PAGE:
BAGHDAD, Iraq—Saddam Hussein's rules for young and ambitious Iraqis were clear: If you want a future, you must join the Baath Party.
Now, as the leaders of the new National Assembly parcel out Cabinet posts according to ethnic group and religious or political affiliation, students and recent college graduates worry that the government will become a collection of fiefdoms in which loyalties matter more than merit.
"I guess now with so many political parties, and the way the different ministries are divided according to sects, one doesn't know which party he should be a member in," said Haider Ali, 24. "I will try my luck. If not, I will go abroad to find a job opportunity."
Ali's worries are one reflection of the broader problems of making a democratic Iraq a unified nation and creating a national identity that supersedes ethnic and religious allegiances.
The Baghdad resident was part of a garlanded caravan of al-Rafidain college seniors who recently made their way, heads bobbing to Arab pop music, to a graduation party in Baghdad's Fardos Square. Despite their celebratory mood, several of them expressed anxiety about their career prospects.
They've reason to be pessimistic. Half of Iraqis are unemployed or underemployed, according to the Ministry of Labor and Social Affairs, and recent college graduates already have been backed into jobs they think are beneath them.
An electrical engineer works in a plastics factory. A woman with a degree in business administration sews clothes to make ends meet. A would-be English teacher has cleaned streets.
They'd all like jobs in the government, which employed most Iraqis under Saddam and is now the homegrown employer with the greatest stability and highest salaries. They complain that they've lost out in the competition for government positions because they haven't paid bribes or don't belong to the right political parties or ethnic groups.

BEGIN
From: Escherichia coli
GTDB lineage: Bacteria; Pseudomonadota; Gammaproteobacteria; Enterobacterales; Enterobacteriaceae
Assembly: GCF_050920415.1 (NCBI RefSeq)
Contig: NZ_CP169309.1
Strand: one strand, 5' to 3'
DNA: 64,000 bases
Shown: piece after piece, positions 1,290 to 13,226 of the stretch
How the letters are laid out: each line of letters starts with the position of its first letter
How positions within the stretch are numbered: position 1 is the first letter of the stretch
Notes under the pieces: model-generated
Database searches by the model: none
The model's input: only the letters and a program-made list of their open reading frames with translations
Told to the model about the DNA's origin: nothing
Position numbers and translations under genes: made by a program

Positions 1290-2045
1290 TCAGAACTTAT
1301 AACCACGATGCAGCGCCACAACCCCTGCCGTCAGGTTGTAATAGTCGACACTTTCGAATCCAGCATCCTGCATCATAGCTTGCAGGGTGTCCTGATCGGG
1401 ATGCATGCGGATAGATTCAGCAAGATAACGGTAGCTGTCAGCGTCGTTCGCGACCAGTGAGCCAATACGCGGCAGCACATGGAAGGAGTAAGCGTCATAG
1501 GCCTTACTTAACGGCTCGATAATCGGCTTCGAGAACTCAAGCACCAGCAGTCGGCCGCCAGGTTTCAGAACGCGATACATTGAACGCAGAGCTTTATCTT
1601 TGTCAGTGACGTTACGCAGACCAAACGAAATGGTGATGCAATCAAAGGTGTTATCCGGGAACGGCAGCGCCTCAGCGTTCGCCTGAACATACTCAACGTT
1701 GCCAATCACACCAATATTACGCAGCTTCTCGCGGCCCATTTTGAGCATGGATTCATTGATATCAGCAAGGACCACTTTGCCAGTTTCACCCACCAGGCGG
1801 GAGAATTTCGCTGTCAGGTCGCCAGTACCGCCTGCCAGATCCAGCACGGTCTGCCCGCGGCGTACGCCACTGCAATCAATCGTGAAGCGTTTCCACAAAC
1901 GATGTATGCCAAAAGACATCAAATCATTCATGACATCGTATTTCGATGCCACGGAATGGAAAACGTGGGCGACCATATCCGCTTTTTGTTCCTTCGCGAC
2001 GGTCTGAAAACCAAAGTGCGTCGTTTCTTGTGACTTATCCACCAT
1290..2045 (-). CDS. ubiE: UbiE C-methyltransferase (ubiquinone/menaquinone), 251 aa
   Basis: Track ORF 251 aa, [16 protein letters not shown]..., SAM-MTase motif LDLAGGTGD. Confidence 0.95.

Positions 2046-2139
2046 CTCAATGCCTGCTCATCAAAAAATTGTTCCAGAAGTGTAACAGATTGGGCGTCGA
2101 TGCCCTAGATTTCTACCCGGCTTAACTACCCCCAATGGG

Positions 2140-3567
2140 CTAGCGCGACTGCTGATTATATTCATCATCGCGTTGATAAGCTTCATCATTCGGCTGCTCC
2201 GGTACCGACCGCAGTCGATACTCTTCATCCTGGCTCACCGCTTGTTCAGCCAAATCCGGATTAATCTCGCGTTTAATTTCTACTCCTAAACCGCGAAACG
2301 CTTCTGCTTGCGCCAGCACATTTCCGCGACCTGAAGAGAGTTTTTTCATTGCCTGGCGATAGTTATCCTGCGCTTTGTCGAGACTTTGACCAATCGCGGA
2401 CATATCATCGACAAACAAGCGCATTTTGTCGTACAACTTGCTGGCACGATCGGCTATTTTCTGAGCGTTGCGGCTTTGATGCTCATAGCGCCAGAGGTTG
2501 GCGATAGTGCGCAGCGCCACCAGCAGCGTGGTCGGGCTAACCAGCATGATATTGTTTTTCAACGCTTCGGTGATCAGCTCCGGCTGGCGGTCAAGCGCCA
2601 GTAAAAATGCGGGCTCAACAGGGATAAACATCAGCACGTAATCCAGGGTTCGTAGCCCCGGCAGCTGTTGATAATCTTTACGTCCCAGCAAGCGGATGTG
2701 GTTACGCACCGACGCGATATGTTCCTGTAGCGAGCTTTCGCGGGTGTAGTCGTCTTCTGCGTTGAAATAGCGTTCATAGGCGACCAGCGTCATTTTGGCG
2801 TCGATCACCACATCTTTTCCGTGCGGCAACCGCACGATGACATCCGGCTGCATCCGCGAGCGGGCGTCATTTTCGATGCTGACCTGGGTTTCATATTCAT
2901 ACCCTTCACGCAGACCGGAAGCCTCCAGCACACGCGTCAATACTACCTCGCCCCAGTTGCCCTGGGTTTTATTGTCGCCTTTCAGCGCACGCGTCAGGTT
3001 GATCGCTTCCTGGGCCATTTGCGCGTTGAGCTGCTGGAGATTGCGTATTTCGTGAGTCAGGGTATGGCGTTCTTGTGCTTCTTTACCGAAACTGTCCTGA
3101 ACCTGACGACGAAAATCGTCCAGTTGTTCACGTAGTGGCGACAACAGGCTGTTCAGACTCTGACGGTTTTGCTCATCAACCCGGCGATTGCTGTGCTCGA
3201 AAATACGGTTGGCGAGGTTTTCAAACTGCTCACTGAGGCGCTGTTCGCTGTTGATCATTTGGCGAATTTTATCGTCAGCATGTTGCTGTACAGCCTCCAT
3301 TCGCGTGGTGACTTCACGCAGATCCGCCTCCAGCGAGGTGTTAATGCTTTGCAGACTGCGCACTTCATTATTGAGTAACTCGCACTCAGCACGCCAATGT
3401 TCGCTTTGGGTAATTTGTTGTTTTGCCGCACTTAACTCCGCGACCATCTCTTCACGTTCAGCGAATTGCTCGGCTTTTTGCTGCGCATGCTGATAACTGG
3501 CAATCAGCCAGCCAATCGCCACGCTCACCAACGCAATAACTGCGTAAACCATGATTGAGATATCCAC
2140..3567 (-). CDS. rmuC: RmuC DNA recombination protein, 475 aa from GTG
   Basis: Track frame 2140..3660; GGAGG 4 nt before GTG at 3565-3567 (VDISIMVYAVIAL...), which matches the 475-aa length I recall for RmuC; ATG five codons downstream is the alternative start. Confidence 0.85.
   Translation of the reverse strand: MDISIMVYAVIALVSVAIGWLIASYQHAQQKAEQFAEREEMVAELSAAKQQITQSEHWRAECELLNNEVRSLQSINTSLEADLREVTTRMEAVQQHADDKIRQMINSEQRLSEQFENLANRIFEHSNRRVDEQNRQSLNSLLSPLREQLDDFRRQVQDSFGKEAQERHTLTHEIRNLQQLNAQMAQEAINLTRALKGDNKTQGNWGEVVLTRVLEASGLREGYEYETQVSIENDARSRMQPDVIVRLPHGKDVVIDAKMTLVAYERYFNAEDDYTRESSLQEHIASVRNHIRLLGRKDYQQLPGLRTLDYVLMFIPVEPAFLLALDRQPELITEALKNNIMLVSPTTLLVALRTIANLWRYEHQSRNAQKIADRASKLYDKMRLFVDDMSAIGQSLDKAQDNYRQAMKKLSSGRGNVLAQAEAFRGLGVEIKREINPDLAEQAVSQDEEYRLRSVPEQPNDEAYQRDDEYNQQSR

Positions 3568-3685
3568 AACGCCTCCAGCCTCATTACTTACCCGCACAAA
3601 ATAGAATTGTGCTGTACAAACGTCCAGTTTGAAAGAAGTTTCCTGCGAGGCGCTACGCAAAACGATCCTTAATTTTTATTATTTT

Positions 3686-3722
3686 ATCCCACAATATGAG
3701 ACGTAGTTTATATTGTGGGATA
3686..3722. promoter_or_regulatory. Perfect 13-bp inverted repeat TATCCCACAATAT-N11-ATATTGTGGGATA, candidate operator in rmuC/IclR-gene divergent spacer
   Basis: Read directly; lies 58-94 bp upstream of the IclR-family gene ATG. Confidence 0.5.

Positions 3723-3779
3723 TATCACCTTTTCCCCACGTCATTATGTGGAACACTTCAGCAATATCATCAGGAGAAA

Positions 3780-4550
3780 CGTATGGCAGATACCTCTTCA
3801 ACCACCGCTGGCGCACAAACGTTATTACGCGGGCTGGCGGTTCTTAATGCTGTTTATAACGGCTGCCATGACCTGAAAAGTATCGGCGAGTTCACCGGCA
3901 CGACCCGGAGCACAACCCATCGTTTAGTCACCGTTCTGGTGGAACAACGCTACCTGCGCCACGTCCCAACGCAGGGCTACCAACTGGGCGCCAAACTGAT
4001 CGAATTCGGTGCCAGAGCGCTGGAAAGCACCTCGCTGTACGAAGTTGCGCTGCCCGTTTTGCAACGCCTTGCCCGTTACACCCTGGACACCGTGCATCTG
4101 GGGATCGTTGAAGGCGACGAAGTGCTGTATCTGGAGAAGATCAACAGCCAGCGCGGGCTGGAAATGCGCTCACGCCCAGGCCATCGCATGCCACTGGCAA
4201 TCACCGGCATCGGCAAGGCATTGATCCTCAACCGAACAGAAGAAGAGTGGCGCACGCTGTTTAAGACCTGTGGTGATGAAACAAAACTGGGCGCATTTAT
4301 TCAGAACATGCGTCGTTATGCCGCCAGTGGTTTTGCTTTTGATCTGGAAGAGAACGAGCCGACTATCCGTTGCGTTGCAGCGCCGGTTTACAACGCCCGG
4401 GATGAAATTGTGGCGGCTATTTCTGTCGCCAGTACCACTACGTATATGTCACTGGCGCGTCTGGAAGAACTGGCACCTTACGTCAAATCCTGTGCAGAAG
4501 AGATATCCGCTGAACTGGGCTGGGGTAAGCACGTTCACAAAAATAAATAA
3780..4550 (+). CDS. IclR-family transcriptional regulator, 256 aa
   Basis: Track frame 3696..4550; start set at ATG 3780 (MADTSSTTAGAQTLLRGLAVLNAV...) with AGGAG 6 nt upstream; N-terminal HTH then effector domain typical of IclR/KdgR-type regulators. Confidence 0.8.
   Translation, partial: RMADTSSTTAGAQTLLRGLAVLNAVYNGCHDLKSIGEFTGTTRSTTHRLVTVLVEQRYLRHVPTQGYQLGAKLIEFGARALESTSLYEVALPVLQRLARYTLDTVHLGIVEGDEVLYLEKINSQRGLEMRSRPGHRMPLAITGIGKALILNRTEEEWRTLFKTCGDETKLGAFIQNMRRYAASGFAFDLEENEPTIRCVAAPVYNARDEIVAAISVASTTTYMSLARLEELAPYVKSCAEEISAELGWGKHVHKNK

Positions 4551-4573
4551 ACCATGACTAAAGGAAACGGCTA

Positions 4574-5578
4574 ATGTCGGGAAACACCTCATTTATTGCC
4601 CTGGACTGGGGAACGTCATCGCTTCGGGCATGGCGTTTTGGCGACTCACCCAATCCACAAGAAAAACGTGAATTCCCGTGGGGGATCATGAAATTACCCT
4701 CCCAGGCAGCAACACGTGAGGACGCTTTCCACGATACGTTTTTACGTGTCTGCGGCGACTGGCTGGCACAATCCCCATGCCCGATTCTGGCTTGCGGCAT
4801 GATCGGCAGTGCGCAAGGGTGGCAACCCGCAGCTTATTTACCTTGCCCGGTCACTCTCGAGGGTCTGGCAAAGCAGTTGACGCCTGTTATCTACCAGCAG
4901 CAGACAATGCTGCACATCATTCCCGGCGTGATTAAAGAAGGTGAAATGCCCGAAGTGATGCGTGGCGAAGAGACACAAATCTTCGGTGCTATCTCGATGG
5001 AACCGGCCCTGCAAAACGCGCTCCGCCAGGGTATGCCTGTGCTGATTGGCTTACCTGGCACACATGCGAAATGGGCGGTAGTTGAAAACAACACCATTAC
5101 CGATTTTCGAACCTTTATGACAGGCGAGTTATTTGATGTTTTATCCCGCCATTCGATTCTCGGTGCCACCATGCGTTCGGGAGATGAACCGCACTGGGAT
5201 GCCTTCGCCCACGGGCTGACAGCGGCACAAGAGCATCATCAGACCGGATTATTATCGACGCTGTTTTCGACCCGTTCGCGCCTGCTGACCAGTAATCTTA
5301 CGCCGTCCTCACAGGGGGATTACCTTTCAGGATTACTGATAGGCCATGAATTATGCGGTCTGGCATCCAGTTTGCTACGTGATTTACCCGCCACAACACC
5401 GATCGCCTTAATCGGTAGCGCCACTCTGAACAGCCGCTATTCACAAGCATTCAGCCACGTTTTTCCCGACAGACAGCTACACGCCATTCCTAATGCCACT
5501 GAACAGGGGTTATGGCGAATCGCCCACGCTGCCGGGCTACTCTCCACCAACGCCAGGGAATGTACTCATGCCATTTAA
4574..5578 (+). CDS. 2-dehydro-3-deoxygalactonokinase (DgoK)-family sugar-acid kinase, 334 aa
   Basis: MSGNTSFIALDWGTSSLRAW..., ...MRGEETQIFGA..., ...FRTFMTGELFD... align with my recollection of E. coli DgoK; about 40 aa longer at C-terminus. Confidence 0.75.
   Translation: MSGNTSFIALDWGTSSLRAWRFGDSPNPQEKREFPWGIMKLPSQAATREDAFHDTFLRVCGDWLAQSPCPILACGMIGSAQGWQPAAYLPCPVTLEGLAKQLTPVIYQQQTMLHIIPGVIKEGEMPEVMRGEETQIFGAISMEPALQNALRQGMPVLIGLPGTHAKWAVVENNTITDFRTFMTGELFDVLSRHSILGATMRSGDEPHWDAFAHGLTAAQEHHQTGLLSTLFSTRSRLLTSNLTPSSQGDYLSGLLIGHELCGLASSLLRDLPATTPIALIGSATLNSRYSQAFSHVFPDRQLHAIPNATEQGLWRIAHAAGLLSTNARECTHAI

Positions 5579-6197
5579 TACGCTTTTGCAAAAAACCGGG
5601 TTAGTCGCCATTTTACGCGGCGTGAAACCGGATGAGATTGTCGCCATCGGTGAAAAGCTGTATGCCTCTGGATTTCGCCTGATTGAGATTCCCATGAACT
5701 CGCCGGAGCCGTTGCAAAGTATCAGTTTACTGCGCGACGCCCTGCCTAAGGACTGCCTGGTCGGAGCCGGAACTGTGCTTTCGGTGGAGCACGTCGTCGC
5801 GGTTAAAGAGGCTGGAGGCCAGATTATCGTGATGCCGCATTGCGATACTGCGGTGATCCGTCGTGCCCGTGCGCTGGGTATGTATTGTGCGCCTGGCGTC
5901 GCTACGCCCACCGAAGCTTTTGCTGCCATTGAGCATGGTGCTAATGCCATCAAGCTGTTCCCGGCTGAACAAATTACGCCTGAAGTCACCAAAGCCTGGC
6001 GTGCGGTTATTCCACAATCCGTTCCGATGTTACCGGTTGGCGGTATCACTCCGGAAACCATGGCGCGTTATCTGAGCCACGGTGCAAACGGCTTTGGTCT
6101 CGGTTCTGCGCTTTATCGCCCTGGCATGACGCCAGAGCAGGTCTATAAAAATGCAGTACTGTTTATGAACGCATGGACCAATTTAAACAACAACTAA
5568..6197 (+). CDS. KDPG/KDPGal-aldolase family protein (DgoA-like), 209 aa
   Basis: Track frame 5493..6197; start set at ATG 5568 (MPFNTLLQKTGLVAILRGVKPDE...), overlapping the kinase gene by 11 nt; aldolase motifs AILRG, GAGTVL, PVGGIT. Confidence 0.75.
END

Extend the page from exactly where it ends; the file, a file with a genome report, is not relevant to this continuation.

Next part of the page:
Parties mostly break down along ethnic lines, with Shiite Muslims, Sunni Muslims and Kurds forming their own blocs in the National Assembly. Iraq's newly selected leaders have said they'll divide 31 Cabinet posts among those three major groups based on their numbers in parliament.
That's bad news for Sunni job seekers: Sunnis overwhelmingly stayed home from the polls in January's elections and hold only 17 assembly seats.
Students and job seekers swap tales of friends who were told by the Ministry of Foreign Affairs to produce letters of recommendation from the Kurdish Democratic Party or the Patriotic Union of Kurdistan. Kurdish leader Hoshyar Zebari runs the foreign ministry, which resonates with the sounds of Kurdish rather than Arabic. He's likely to retain the post.
"We know that ministry is for the Kurdish party," said Kareem al-Saadi, 22, a graduating senior at Mustansiriyah University. "When you want to have a job in this ministry, you must get a notification from the Kurdish party." Al-Saadi said it happened in all the ministries.
Hamid al-Bayati, a deputy at the Ministry of Foreign Affairs, said political parties had recommended candidates for diplomatic posts but he maintained that the ministry hasn't become a stronghold for any one group.
The hiring committee relies on the parties to know who is "trustworthy," he said, because "the last thing we want is infiltration from loyalists of the former regime."